‘Before long every paper in the country was running my local front page story’
Brighton Argus reporter Connor Stringer tells how he scooped the nationals with his exclusive on how the Green leader of his local council flew to COP26 the same day he criticised the government over climate change…
It has just gone 4 pm on a dark Monday evening and the notorious, repetitive chime of an incoming email has disturbed me from making my fourth cup of coffee of the day.
It’s a 200-word apology from the Green leader of Brighton and Hove City Council, admitting he had flown to COP26, on the same day he criticised the government for a “lack of action” over climate change.
Proof that your journalistic hunch is often your most reliable source.
Labelled a ‘union jackass’, the email sparked the beginning of an intense week of scrutiny, that saw Phelim Mac Cafferty face calls to resign as he made national headlines for his blatant hypocrisy.
However, this story began two days before as I scrolled through Twitter enjoying a rare weekend’s break from a series of investigations.
In a typical case of virtual signalling that we’ve become accustomed to with politicians, Mac Cafferty shared several pictures of him himself taking part in the huge COP26 march in Glasgow.
‘Interesting’, I thought — ‘how did he get there?’
A quick email to the council press office began the process of what would become a major national story.
When I got the statement I urgently called my editors to share the news, that the leader of the green council had indeed flown 460 miles to Glasgow for a climate convention.
Shocked and dumbfounded by the level of hypocrisy, we began writing the exclusive while hoping the same apology had not been circulated elsewhere.
It hadn’t and we splashed on the blunder the next day, revealing the scale of the mistake after discovering he had made a speech on the importance of cutting carbon emissions the very next day.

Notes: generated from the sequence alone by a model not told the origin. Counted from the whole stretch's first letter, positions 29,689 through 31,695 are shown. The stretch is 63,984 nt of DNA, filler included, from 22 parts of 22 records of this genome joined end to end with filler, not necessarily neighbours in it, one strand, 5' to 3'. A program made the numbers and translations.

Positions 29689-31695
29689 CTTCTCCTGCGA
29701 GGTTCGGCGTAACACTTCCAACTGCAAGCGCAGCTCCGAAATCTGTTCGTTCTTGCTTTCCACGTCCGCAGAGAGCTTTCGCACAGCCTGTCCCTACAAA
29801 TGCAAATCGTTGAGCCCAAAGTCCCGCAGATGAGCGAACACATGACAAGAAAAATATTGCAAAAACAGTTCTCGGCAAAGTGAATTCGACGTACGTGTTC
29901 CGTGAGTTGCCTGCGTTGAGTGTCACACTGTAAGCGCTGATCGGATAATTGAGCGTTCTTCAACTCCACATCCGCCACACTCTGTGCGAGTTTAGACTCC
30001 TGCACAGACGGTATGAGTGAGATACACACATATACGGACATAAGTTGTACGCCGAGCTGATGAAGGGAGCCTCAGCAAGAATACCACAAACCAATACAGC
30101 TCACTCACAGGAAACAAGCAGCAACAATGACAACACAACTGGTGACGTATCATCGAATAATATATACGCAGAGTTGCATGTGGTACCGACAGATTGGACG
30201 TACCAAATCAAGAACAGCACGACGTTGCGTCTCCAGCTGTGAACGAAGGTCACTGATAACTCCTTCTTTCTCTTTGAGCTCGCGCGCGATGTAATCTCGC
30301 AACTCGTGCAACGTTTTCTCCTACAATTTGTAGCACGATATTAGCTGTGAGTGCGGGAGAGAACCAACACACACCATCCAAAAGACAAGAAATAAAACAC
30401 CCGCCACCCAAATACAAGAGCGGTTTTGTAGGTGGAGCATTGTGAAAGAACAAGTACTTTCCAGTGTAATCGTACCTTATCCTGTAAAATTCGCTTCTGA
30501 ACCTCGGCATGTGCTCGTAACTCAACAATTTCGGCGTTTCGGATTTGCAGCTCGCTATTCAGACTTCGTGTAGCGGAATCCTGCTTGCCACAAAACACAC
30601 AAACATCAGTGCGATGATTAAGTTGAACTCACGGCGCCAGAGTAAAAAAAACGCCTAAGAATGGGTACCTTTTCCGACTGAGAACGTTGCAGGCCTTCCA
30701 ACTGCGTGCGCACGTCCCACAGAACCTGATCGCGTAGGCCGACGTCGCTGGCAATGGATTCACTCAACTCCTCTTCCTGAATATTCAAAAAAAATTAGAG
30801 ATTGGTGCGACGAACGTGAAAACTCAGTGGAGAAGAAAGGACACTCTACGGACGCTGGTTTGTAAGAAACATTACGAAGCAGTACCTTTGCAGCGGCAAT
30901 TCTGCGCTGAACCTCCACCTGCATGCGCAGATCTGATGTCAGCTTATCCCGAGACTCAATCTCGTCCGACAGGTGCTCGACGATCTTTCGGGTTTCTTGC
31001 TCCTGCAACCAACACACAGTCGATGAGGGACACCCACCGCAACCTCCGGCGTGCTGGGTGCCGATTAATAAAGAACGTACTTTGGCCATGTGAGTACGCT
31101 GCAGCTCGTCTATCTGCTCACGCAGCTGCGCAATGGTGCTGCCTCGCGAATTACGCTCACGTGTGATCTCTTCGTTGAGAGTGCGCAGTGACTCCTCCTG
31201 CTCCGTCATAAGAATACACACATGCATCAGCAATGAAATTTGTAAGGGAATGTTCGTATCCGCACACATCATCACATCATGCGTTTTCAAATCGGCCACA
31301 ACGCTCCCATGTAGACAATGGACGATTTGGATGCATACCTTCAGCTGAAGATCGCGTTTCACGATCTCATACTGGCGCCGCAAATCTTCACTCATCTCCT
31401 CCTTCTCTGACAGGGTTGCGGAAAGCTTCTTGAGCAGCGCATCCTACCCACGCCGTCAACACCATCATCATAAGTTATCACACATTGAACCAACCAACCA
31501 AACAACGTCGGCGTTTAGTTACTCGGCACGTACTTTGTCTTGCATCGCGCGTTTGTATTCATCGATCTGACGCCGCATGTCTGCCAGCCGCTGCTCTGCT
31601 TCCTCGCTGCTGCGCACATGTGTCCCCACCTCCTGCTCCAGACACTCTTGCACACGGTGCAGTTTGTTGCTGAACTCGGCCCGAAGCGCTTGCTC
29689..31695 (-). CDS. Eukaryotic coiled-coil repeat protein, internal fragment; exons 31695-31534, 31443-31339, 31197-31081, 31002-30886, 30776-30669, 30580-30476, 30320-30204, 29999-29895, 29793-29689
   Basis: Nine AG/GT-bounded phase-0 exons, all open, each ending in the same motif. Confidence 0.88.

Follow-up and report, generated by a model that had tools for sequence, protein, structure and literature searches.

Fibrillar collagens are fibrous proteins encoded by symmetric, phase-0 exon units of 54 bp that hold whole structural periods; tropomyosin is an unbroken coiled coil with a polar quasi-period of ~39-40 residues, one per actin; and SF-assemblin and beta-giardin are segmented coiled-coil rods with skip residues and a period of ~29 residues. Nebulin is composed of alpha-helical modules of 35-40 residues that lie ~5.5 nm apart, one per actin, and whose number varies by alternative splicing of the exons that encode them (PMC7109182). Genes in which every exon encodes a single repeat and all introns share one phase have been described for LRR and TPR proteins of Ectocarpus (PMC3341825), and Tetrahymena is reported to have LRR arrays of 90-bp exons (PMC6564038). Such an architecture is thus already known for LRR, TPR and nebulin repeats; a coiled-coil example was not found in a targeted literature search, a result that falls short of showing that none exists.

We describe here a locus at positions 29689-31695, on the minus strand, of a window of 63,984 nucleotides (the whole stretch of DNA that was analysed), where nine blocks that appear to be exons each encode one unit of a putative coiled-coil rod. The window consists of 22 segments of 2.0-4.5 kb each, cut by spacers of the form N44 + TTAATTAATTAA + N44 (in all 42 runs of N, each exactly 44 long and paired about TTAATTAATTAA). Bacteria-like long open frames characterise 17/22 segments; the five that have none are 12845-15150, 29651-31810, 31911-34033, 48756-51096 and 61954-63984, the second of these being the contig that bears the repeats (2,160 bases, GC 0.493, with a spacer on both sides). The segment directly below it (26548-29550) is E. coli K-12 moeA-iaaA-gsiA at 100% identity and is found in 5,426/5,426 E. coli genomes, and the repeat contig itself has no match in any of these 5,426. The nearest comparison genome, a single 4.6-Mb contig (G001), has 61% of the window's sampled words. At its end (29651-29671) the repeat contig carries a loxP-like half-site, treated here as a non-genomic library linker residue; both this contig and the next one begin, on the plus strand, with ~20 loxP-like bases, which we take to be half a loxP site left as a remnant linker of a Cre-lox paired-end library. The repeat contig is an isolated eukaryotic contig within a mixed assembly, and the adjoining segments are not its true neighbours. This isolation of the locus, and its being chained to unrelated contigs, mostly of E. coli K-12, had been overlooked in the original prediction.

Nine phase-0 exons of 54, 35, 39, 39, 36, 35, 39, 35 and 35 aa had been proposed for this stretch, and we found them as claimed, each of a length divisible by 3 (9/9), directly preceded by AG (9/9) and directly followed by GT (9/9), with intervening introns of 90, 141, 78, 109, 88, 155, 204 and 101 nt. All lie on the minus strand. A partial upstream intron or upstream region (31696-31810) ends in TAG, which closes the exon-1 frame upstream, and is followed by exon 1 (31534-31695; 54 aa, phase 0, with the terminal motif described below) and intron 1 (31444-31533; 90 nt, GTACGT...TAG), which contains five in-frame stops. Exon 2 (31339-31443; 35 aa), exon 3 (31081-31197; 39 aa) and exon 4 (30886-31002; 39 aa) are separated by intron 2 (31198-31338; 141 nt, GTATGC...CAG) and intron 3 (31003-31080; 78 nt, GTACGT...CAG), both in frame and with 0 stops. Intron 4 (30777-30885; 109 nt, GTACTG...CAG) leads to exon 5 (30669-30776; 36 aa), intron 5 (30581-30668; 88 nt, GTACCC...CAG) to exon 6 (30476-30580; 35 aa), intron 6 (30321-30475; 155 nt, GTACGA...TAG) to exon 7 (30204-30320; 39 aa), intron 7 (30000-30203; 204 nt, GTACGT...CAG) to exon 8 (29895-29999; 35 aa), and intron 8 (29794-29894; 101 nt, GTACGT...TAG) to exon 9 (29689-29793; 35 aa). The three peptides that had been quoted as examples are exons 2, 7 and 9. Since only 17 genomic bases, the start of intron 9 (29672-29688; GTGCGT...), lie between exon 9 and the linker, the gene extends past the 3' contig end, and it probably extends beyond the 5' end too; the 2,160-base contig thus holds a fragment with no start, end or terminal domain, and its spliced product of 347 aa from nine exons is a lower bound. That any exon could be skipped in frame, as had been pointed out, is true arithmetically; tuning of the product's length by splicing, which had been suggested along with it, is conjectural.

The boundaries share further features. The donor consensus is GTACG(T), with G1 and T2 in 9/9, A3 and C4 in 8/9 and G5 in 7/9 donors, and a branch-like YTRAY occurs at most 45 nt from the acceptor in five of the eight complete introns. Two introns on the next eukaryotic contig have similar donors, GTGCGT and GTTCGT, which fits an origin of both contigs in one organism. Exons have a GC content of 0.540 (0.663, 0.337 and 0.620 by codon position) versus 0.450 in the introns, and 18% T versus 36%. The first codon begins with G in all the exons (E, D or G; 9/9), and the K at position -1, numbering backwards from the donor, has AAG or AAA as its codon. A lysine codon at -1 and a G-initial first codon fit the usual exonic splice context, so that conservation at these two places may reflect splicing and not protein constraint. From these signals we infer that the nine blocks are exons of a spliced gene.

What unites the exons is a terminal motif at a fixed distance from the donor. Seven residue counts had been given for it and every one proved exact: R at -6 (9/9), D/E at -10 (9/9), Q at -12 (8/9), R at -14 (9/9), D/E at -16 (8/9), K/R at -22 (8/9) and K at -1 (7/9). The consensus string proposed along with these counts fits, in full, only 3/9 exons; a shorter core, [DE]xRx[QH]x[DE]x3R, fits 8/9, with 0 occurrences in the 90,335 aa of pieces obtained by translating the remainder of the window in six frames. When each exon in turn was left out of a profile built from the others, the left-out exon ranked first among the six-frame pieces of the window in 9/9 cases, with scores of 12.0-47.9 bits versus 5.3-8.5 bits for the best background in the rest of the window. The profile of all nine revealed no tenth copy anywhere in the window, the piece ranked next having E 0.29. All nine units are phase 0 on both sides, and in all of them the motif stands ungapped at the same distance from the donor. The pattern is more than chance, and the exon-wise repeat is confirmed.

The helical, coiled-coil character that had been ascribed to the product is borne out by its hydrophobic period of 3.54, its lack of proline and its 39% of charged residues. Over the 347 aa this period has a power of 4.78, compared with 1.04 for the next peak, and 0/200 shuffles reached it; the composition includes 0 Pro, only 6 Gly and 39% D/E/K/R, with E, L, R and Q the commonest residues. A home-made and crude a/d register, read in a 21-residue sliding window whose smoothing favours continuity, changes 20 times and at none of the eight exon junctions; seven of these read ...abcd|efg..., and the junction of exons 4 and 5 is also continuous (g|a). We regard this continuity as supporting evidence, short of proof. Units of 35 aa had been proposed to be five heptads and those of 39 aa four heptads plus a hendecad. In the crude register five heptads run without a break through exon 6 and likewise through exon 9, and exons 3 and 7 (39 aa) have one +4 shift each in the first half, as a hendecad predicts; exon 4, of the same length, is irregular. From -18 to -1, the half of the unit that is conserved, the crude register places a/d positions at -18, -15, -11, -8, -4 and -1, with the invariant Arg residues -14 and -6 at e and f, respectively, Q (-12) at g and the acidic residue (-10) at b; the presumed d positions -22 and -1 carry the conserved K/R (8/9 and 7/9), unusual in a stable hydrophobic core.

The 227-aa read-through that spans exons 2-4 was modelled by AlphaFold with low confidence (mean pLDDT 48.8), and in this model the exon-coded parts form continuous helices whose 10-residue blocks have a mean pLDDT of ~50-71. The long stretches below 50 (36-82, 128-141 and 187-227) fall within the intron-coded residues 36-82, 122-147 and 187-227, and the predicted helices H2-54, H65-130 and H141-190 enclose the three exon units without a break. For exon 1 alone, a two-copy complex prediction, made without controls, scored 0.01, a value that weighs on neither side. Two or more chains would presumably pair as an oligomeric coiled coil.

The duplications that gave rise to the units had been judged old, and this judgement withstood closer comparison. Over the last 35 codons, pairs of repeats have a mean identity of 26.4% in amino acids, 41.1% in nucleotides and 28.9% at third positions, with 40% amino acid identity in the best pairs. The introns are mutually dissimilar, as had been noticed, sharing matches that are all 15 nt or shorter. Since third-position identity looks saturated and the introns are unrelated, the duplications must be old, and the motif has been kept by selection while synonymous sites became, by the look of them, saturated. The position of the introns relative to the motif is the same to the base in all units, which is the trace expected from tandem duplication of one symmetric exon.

Immediately, the story began to pick up national attention.
First by Guido Fawkes, then by The Telegraph, who featured the story top of the website for most of the afternoon.
Before long, every paper in the country was running it. Including the Daily Star, who splashed on a rather comical front page the following day.
Piers Morgan even weighed in, labelling the council leader an ‘eco-hypocrite while praising the scoop.
This is exactly the kind of story that fuels my burning passion to hold power to account and emphasises the importance of regional journalists scrutinising political leaders.
Our polarised politics has seen a rise in corrupt, hypocritical and unethical decision making from MPs and leaders across the country.
For too long, this mindset has been accepted and has often gone without public scrutiny.
It is our role as journalists, up and down the country, to ensure these political leaders do not abuse their privileged position of power and above all — call them out for when they do.
Four days after his apology, Phelim Mac Cafferty announced he would not be stepping down as leader despite mounting pressure for him to resign.
The Argus will continue to scrutinise and celebrate the work of all politicians in the county.